We’re delighted to present the winners and runner-up entries for this year’s Flash Fiction contest. We’ll be publishing some of the highly commended entries over the coming weeks.
Thank you to everyone who entered. There was excellent creative use of language and incredible feats of imagination on display, all wrapped up in small packages of 100 words or fewer. I hope you enjoy reading them as much as we did.
C’est un autre jour dans le cours préparatoire et les enfants apprennent la phonétique. Le pauvre X est coincé sur un mur, très frustré. Les élèves récitent (encore) “A – c’est pour arbre, B – c’est pour banane…” X jete un coup d’oeil à W et Y et dit “ennuyeux à mourir! Les petits connaissent seulement jusqu’a ‘M’. Je m’en vais!”
Dans une autre salle de classe X trouve un cours de l’algèbre, où tout le monde semble chercher X.”Mon Dieu! Ils savent que je suis absent!” il pense. “Ces équations me trouvent toujours. Je m’en vais, encore!”
Cormac Mitchell, Y7
L’ours était triste ! L’air était froid et le sol était glace, le lac était comme gelée. Elle a marché la plaine froide. Soudainement elle a vu une caverne mais elle était très fatiguée donc elle est entrée et dormi là… Cependant quand elle s’est réveillée, elle a vu un rayon de soleil briller à l’entrée de la caverne ! Sa fourrure brillait dans la lumière dorée. Elle est sortie de la caverne et elle a vu que les plaines n’étaient plus froides – il y a avait des fleurs, des abeilles et des arbres partout ! Elle a souri !
Nandhitha Agilan, Y9
Le marriage Zoom
Les portes de chapelle s’ouvrent avec un grincement tonitruant. Sans délai, Le Canon de Pachelbel commence à jouer. Sous ma robe blanche, les pieds marchant vers l’autel ne se sentent pas comme les miens. La musique s’estompe dans un silence assourdissant lorsque j’arrive. Deux mètres de nous, protégé par l’écran transparent, le ministre s’éclaircit la gorge.
Je regarde, impuissante, la mer de visages flous en sourdine sur l’ordinateur. Je regarde les bancs vides qui ne m’offriront aucune aide. Je regarde l’homme souriant devant moi, et avant que le ministre puisse commencer, je jette mon bouquet de roses et je cours.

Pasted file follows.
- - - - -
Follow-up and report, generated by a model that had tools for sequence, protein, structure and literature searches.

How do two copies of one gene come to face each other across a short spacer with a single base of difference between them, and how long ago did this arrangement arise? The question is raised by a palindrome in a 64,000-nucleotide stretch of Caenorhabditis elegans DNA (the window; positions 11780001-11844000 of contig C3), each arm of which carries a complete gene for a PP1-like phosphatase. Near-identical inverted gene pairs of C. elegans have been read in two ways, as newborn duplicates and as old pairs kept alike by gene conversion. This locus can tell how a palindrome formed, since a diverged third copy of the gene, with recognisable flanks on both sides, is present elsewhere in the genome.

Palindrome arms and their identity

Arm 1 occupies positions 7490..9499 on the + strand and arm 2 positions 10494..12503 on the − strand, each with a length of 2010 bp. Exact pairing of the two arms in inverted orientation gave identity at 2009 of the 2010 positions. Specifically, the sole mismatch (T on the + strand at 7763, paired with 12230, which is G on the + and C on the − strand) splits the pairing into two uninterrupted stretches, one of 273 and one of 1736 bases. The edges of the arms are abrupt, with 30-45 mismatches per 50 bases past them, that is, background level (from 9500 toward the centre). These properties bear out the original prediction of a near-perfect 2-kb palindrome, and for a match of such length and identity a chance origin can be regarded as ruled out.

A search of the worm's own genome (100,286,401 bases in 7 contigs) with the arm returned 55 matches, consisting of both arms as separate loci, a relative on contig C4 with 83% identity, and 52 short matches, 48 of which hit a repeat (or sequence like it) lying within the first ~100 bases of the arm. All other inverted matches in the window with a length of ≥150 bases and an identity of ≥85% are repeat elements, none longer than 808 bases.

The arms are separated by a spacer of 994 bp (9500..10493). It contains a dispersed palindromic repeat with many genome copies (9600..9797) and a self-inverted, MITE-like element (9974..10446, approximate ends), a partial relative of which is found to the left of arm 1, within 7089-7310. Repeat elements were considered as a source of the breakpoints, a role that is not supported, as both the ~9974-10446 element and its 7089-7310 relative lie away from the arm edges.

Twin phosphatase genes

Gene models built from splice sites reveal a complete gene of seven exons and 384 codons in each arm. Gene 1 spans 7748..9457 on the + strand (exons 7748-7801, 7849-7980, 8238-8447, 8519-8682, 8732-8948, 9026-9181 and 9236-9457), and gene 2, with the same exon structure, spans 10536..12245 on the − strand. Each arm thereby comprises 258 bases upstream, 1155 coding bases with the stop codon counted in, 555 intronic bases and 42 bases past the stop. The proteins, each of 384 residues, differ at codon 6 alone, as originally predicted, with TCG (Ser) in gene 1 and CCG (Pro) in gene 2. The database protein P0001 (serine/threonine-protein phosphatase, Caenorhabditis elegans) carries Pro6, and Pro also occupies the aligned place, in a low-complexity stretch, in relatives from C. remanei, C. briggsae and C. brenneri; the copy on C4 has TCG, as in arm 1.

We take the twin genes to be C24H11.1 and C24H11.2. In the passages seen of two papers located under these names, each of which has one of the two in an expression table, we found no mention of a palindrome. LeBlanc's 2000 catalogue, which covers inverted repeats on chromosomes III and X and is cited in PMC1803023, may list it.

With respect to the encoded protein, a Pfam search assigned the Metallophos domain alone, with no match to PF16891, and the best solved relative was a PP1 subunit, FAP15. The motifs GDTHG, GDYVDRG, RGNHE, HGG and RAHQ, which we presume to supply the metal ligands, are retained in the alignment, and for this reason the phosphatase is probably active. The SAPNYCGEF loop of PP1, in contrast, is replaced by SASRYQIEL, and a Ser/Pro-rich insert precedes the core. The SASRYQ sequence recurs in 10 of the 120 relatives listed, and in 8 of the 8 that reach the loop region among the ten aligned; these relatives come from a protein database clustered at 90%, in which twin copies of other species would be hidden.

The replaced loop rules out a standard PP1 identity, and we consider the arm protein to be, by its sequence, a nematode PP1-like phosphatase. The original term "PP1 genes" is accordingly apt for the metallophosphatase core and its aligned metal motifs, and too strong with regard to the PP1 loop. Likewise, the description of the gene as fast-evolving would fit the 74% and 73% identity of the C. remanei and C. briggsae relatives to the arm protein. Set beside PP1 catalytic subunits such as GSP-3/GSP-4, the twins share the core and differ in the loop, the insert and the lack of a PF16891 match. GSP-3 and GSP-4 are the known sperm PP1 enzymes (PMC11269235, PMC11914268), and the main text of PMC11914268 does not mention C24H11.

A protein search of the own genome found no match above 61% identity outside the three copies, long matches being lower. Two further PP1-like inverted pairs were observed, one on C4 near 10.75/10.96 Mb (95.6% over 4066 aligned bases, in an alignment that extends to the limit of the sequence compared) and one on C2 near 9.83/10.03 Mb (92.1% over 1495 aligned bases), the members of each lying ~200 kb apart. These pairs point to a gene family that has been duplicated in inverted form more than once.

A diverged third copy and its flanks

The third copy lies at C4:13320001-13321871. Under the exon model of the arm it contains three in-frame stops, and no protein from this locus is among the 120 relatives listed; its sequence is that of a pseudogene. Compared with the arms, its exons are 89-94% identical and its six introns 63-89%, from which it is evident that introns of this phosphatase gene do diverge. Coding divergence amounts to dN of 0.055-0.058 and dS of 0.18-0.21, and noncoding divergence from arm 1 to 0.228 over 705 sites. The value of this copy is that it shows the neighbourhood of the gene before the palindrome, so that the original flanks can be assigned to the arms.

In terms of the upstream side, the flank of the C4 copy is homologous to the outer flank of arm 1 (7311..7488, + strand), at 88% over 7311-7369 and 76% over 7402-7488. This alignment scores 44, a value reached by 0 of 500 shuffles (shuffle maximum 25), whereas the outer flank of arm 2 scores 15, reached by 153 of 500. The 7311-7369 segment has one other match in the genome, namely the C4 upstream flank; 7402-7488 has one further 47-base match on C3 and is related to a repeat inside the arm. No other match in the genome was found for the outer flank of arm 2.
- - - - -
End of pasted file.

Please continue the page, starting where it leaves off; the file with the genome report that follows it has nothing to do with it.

Chung Sze Kwok, Y12
Une petite fille sur une petite plage d’Angleterre se penche pour ramasser un déchet.
Un vieillard au Madagascar examine son vieux bateau; l’arc-en-ciel du pétrole se diffusant sur l’océan Indien.
À Genève, plusieurs gouvernements débattent de plusieurs conséquences de leur surconsommation. Après avoir posé pour une photo, chacun retourne en ignorant l’état de la planète, rien ne change.
Ce n’est pas certain que se passe-t-il ensuite. Peut-être l’enfant retournera chez elle, le vieillard de la mer, les gouvernements de la conférence. Peut-être des années plus tard la fille, maintenant adulte, annoncera au monde la solution qu’on n’a pas encore inventée…
We’re delighted to announce that our Oxford University Modern Languages Teachers’ Network, the Sir Robert Taylor Society, is holding its annual conference this year on Thursday 23 and Friday 24 September. If you’re UK modern languages teacher, or have an interest in modern languages teaching at school and university in the UK, you’re warmly invited to attend. Due to Covid, the conference will once again be online this year, with two evenings of roundtable talks and guest speakers.
On Thursday 23 September, from 19:30-21:00 on Microsoft Teams, the theme will be Modern Languages and Careers.
We’ll be talking about, among other things:
Career paths of modern languages graduates
Employability and demand for modern language skills in the workplace
Transferable skills from modern language study
STEM pressure and the value of humanities subjects
On Friday 24 September, again from 19:30-21:00, the theme will be Modern Languages and Diversity.